Carbon Week: The Pros and Cons of Carbon Offsets
With the rise to prominence of global warming as a subject and recognized problem, ideas for solutions for solving the problem have been quick to follow; while buzzwords such as “cap and trade”, “carbon sequestration” and the like dominate government proposals, carbon offsets have generated the most buzz on the individual level. The idea is simple: by calculating your carbon footprint (a subject we covered here [www.sundancechannel.com]), you can use that information to essentially “offset” that footprint by investing in any number of alternative energy or carbon sequestration projects (get a quick primer at Wikipedia’s carbon offset entry [en.wikipedia.org]. Your investment in that project then theoretically insures a net reduction of greenhouse gas emissions, usually either by an increase in absorption of greenhouse gases or creation of an equivalent amount of clean energy. To be clear: carbon offsets don’t prevent your emissions-creating behavior (flying, driving, heating your home, etc.) from creating emissions; they’re a way to either take carbon dioxide from the atmosphere (like with extra carbon dioxide-absorbing trees planted) or insure that more emissions don’t enter the atmosphere in the future (as with clean energy investments). Generally speaking, more trees and more clean energy are both good things, but offsets have generated a good bit of controversy in the green community as well. To work this out, we’ll take a quick peek at the pros and cons of carbon offsets.
The pros: carbon offsets help reduce carbon dioxide emitted from the electrical grid by creating more energy from wind, solar, biogas and other clean, alternative forms, and no matter how you slice it, more of this is a good thing. More clean energy production means less dirty energy going into the grid; in the long run, that’s less carbon dioxide in the atmosphere and a slow-down in the warming of the globe. Similarly, offset projects that plant trees help absorb the superfluous carbon dioxide in the atmosphere, and more trees also help preserve biodiversity, reduce soil erosion and flooding and provide shade (reducing the need for air conditioning and such). As such, carbon offsets help reduce your carbon footprint while helping fund clean energy and other planet-friendly projects. Offsets are not perfect, but they are sure better than nothing, and definitely a step in the right direction.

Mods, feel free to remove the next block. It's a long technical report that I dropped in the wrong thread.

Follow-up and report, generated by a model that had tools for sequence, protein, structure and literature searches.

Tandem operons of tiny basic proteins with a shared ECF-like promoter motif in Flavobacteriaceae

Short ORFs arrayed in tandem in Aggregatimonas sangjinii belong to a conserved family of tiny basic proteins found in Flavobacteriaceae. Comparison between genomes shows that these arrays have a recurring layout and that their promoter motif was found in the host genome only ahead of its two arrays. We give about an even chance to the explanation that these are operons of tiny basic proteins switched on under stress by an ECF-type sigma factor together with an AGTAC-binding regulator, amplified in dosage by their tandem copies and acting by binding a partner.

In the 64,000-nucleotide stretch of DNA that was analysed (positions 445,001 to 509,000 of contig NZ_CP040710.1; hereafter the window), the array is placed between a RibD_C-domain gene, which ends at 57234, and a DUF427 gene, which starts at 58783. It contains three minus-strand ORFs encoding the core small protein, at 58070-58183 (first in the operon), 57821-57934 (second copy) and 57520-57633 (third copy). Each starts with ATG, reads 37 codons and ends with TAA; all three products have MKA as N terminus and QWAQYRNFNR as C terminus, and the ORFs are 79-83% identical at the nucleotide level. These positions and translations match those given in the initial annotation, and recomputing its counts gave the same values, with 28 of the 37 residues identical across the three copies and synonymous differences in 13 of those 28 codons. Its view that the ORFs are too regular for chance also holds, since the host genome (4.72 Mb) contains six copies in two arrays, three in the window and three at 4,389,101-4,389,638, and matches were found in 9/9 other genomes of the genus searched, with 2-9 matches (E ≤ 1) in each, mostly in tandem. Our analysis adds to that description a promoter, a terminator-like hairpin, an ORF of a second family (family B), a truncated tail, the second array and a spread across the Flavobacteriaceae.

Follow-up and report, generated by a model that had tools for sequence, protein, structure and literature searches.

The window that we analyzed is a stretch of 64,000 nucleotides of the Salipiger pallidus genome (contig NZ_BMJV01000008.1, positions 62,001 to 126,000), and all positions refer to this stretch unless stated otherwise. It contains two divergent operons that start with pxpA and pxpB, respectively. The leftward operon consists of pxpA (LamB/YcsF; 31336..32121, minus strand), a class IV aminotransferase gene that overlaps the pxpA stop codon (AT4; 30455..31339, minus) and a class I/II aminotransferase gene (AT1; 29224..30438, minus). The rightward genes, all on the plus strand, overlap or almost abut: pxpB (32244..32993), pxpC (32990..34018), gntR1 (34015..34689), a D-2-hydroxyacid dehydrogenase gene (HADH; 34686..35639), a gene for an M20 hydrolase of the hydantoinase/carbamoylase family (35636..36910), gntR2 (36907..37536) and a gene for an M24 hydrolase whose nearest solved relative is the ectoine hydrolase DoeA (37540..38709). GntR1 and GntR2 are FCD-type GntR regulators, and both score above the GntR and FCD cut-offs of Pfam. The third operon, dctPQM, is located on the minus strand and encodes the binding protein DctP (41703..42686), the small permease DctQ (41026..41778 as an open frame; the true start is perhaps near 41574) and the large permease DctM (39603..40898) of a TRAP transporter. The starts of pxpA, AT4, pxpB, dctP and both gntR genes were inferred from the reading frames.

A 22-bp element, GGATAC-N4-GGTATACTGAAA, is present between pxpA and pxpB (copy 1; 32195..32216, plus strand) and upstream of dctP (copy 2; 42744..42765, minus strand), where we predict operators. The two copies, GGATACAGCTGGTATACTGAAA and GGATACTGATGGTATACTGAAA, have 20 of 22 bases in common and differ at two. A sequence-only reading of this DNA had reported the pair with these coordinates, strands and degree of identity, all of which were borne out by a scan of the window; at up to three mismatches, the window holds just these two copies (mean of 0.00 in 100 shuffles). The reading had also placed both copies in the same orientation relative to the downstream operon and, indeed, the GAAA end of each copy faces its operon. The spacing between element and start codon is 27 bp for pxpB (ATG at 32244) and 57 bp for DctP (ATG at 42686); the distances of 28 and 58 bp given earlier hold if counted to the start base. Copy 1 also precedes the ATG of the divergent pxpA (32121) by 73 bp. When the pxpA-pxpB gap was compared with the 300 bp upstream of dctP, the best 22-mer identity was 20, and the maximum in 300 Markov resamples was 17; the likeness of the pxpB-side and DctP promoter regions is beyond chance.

The downside of offsets is an interesting study in green sociology and psychology, with a little fuzzy math and greenwashing thrown in for good measure. Detractors worry that offsets enable “dirty” behavior like excessive driving, airplane flying, etc., with the thought that “it’s okay if I continue to pollute; I’ll just offset my footprint later.” These concerns are further compounded by a lack of governmental oversight or standardization for the process; this allows just about anyone to begin a “carbon offset” program and makes some offset-offering non-profits and companies better than others without a clear, standardized guide to who does it well. One company might offer to offset a ton of CO2 for $8 and another for $12; what’s the difference, and, perhaps more importantly, where does your money go? It’s difficult to tell, in some cases, especially from a consumer level, because some non-profits and companies are better at marketing than others. The bottom line is this: global warming will not be solved by carbon offsets alone. It’s important to realize that they are not a magic solve-all: at best, offsets are a piece of the carbon-reducing lifestyle puzzle; at worst, they are a placebo, enabling pollution-creating behavior while not fully doing the job they are intended.
TreeHugger tries to balance the two sides: they can be helpful, but the best thing to do is be more efficient and not create the emissions in the first place. That said, nobody is perfect, and there comes a point where we all have to climb behind the wheel, hop on a plane, or buy carbon-intensive products (like fossil fuel-created energy to heat and light your house); when cutting back isn’t an option, carbon offsets can help you clean up any loose ends that reducing usage and increasing efficiency can’t cover.
This is really the tip of the carbon offset iceberg; there are myriad other opinions and ideas on the topic. TreeHugger’s editor sums up his thoughts here [www.treehugger.com], and though he isn’t speaking for TreeHugger as a whole, does a pretty thorough job of weighing the pros and cons. Green business guru and all-around green smart guy Joel Makower gives his take [makower.typepad.com] on offsets and a report that rates offset providers, and is an excellent next step in the process of understanding how offsets work. If you’ve got an hour or two to kill, click over to TreeHugger [www.treehugger.com] and type “carbon offsets” into the search field to dig deeper into the ins and outs of the topic. Tomorrow, we’ll dive into carbon-responsible products and services.